Miami Daily News (Dem.): [Florida] “Fanatical nationalist sentiments in Iran, continuously agitated by the Communist Tudeh party, have placed Mossadegh on a spot in which any appearance of compromise would be unacceptable. . . . The officially announced British position is to remain in Abadan until Iran permits oil production to resume. In order to protect its nationals there, Britain promises necessary measures implying armed intervention. This would be an excuse for Russia (under an old treaty with Iran) to move into the area in the alleged interest of protecting its own frontier on the Northern Iranian border.”

St. Paul Dispatch (Ind.): [Minnesota] “The Kremlin has touched off a call for a militant peoples front in Iran which would direct the national liberation movement in Iran into the proper channels, so that it can fulfill its social-historic task. That task is, of course, to bring Iran into the Communist sphere. Should the Soviets stir up new trouble in Iran, only prompt action by the British would save the Western-built oil fields from falling into Russian hands. The Iranian government should be able to see the outcome would put Iran in the position of becoming the center of a new world crisis, and accept a reasonable compromise.”

Dayton News (Ind.-Dem.): [Ohio] “There is every reason to believe that Mossadegh would be willing to make a reasonable settlement with the British. . . . But the force that controls in Iran is the force of the anti-British extremists, who threaten mob revolt and who dangle the sword of assassination over every government official who gives sign of weakness. There seems to be little hope that the situation will change in the foreseeable future. British troops could be sent in to support the government but that might touch off immediate war with Russia, with most of the Iranians on the side of Russia.”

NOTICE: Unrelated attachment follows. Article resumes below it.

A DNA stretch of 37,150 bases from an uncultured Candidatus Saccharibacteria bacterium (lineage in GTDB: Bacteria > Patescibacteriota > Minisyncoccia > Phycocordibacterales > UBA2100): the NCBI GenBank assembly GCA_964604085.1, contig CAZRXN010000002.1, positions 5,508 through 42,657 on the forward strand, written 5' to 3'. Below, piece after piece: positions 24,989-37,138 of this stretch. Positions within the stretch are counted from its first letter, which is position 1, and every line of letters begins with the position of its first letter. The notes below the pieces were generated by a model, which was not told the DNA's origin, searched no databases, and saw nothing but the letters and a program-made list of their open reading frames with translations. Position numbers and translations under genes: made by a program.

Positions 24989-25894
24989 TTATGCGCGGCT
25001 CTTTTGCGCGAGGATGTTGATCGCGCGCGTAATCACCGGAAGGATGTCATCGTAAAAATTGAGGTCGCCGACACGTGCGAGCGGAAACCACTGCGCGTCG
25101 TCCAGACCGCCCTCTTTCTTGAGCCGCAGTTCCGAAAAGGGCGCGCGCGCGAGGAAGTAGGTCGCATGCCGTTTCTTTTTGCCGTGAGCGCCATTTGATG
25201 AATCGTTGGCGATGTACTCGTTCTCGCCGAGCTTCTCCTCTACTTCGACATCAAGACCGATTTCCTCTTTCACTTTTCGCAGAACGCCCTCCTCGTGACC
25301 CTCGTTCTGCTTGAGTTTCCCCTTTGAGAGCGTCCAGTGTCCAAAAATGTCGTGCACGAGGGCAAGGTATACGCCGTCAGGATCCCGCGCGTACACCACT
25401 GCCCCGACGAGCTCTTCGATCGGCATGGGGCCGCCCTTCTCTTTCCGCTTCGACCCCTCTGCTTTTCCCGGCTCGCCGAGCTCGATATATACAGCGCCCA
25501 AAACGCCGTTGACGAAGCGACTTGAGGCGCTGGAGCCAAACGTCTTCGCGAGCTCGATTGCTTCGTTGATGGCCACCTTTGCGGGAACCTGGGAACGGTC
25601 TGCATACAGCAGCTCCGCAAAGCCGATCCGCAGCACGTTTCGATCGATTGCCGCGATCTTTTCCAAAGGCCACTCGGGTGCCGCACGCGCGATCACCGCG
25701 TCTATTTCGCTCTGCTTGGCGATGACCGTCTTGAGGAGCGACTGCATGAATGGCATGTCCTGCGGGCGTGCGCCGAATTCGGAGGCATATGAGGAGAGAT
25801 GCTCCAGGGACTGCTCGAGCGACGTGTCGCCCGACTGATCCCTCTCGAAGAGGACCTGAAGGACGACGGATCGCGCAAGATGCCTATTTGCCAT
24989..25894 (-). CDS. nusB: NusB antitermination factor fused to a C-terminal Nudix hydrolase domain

Newspapers that published this editorial included:

The North Adams Transcript (North Adams, Massachusetts) — September 1, 1951 (Hopes Remain That Iran May Settle Oil Dispute)
The Monroe Morning World (Monroe, Louisiana) — Sept. 2, 1951 (PROSPECTS IN IRAN)
The Baytown Sun (Baytown, Texas) — September 3, 1951
The Valley Morning Star (Harlingen, Texas) — September 3, 1951 (Prospects in Iran)
The Santa Maria Times (Santa Maria, California) — September 6, 1951 (lead editorial: Editors Foresee Iranian-British Oil Agreement)


Related links:

Mossadegh’s Bad Gamble | The Dixon Evening Telegraph, October 23, 1952

What Went Wrong in Iran? | The Saturday Evening Post, January 5, 1952

Loss of Iranian Oil is U.S. Diplomatic Flop | Ray Tucker, October 11, 1951

MOSSADEGH t-shirts — “If I sit silently, I have sinned”